Wildfires and other forms of landscape burning turn solid material held in vegetation and organic soil into a complex mix of airborne gases and particulates. When conducted over large areas and/or in extreme fires, this rapid process can result in massive atmospheric impacts, perhaps most particularly on air quality (AQ). Landscape fires of this sort are thus responsible for severe AQ episodes, including some of the world’s worst events that likely impact the health of millions. Furthermore, in many regions of the developing world recurrent burning of agricultural waste over huge areas of croplands leads to air pollution episodes that routinely affect the air that hundreds of millions of people breath, including in some of the largest mega-cities on Earth. However, it can be hard to disentangle the contribution landscape fires make to the poor air quality of these areas because many of the areas affected suffer from a paucity of in situ atmospheric measurements for example. Regional AQ modelling can deploy state-of-the-art information on different emissions sources, including landscape fires and agricultural burning, to address these and other related questions, ultimately informing studies of human health and also potentially agricultural policy development related to changing patterns and timing of cropping. Other uses of such modelling include the study of the radiative effects of the short-lived climate impactors (SLCPs) and to support the evaluation and validation of new fire emissions estimates coming from Earth Observation – which are extremely difficult to validate directly or through other means but which when placed within a regional AQ model can provide metrics such as aerosol optical depth timeseries that can be compared to high accuracy in situ data.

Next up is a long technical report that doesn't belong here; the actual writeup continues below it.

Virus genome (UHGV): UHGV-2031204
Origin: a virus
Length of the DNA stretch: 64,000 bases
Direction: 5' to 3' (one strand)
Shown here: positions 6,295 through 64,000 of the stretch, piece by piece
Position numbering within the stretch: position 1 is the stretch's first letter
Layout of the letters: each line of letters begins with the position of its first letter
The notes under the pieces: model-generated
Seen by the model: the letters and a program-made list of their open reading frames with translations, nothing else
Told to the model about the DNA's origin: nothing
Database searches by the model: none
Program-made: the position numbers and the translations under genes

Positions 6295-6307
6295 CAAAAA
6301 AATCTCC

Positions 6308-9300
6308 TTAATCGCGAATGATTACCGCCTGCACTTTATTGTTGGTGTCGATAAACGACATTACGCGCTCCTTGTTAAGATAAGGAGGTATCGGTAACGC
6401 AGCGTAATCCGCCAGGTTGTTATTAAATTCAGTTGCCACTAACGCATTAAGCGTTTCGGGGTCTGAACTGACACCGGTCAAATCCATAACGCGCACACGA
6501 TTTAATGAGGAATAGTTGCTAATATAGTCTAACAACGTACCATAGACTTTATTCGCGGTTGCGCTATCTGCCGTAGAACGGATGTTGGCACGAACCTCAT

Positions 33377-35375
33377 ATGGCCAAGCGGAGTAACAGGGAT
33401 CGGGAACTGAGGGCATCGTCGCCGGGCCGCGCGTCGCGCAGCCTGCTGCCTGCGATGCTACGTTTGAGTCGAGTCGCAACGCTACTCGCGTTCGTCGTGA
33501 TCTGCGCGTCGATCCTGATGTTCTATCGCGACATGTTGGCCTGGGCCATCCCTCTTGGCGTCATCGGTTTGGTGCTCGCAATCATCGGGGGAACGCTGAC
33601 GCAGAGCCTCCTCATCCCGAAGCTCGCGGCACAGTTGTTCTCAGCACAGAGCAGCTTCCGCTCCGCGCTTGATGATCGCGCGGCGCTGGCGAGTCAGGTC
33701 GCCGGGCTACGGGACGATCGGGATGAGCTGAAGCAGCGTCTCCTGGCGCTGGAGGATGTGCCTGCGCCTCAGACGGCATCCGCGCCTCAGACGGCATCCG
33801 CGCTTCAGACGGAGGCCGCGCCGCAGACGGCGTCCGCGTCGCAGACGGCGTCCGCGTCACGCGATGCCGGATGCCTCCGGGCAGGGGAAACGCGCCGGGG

Project duration: 2021-2025